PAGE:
Today was the 12th anniversary of my father’s death, according to the Hebrew calendar. This day, his 12th yahrzeit has brought back so many memories- but then again, the memories are always there. My father, Manny Dobrusin, died on March 16, 2001 at the age of 79. I’d like to offer these words in his memory.
My father was a teacher- at times in his life by profession, always by avocation. He taught or tried to teach me so many things and one of them was the importance of proper grammar.
I distinctly remember that one of his lessons during my teenage years was about the proper distinction between the word “will” and “shall”. I thought of it the other day and remembered the lesson had something to do with someone drowning and screaming out: “I will drown” or “I shall drown”, I couldn’t remember the specifics and so I tried to reconstruct it by going to google.com- a shortcut my dad would certainly object to. Sure enough, I found the very lesson he taught me, courtesy of wikipedia.org:
An illustration of the supposed contrast between shall and will (when the prescriptive rule is adhered to) appeared in the 19th century, and has been repeated in the 20th century and in the 21st:
- I shall drown; no one will save me! (expresses the expectation of drowning, simple expression of future occurrence)
- I will drown; no one shall save me! (expresses suicidal intent: first-person will for desire, third-person shall for “command”)
Apparently, therefore, the difference that my father was trying to teach me between “will” and “shall” is that “will” is a statement about what one expects to happen while “shall”, when used in the third person as in the second sentence above, implies a command. When the swimmer says: “no one shall save me”, he or she is instructing the people in the vicinity to stay away. A command is being issued: No one is to save me.
Wikipedia makes it clear that very few use this distinction today (not that that would not have bothered my dad) but I’d like to assume for a moment that there is this clear difference between “will” and “shall” to illustrate a point from this past week’s Torah portion.
One of the familiar sections of the Torah begins with the words; “Veshamru B’nai Yisrael et Hashabbat”. It is usually translated as a commandment and all of the translations I have seen use the word “shall” to indicate this: the people of Israel shall keep the Sabbath”. In context, this makes perfect sense. God is commanding the people using the future tense as a way of determining future behavior: “The people of Israel shall keep the Shabbat”.
The paragraph beginning with these words is found in our Siddur (prayer book) in several places. One of them is in the amida, the silent prayer for Shabbat morning where it is preceded by a paragraph which reads:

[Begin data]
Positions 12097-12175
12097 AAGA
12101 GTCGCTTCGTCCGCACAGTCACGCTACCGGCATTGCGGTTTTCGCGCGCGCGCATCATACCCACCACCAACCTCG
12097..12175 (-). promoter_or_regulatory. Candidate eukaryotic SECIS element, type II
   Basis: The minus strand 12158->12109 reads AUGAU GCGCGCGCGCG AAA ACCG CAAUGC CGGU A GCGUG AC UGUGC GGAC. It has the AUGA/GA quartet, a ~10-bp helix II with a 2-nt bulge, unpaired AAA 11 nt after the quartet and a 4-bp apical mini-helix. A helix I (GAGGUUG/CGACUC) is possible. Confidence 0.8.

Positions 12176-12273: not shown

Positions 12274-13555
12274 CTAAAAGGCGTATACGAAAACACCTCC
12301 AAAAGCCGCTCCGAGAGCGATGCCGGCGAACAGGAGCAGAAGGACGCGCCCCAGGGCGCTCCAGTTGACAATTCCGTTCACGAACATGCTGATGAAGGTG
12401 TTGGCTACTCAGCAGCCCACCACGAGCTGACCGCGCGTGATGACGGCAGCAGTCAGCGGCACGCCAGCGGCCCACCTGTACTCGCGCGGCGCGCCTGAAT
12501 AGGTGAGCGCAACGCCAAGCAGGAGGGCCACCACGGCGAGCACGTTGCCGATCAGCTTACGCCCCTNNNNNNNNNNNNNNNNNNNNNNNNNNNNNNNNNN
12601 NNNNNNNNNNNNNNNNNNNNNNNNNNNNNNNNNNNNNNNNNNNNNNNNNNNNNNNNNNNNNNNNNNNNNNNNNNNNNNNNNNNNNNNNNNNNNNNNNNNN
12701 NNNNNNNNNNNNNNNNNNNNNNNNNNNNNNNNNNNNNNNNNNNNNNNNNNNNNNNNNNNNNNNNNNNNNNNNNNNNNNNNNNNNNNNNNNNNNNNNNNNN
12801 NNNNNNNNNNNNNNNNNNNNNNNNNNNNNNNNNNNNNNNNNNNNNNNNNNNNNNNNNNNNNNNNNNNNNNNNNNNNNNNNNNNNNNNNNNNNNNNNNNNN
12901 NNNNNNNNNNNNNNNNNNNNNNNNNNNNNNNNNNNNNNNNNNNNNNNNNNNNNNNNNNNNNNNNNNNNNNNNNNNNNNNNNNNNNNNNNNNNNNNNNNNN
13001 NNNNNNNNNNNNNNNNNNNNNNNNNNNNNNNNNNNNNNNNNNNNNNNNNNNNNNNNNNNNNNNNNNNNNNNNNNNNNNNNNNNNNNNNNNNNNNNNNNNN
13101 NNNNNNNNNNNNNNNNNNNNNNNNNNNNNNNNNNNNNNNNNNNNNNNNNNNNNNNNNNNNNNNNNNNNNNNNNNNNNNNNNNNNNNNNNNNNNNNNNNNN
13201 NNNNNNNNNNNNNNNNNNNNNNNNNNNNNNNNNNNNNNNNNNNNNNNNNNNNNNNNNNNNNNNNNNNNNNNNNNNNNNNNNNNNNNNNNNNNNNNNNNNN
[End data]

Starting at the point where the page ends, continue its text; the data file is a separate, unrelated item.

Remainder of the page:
Yismach Moshe bimatnat helko…
Moses rejoiced at the gift of his destiny when you declared him a faithful servant…two tablets of stone did he bring down inscribed with Shabbat observance (saying): “Veshamru bnai yisrael et HaShabbat”.
The juxtaposition of these two paragraphs have always puzzled me. We are not used to thinking of Moses as a happy person. Why would Moses rejoice at hearing a commandment concerning Shabbat observance? Why would that, of all things, make him happy?
I believe the answer lies in the word veshamru, usually translated “shall observe”. I think that the author of the paragraph about Moses’ happiness was translating the word veshamru differently. Veshamru is, after all, a simple future tense verb and I think the author of that paragraph translated Veshamru b’nai Yisrael as: the people of Israel will observe the Sabbath, seeing it not as a commandment but as a statement of reality for the future.
I believe that the author envisioned Moses rejoicing at hearing from God that in the future, for all generations, the people of Israel would, in fact, observe the law he was bringing down to them. That it was a commandment was not a source of joy. The source of joy was the promise that they would observe the commandment. I believe the author understood the “shall” as a “will” and Moses’ joy came from a realization that the teaching he was bringing to the people would always stay with them and would make an impact in their lives. For this author, the commandment word “shall” was replaced by the simple statement of future reality: God’s assurance that the people will observe the Sabbath.
There is no greater satisfaction for a teacher than to know that what he or she teaches would impact the students and generations to come. May the memory of all of our teachers, including those closest to us, be for a blessing. And in that spirit, may the memory of my teacher Haim Mendel ben Yoel V’Rivka be for a blessing as it always has been.
We are not used to thinking of Moses as rejoicing and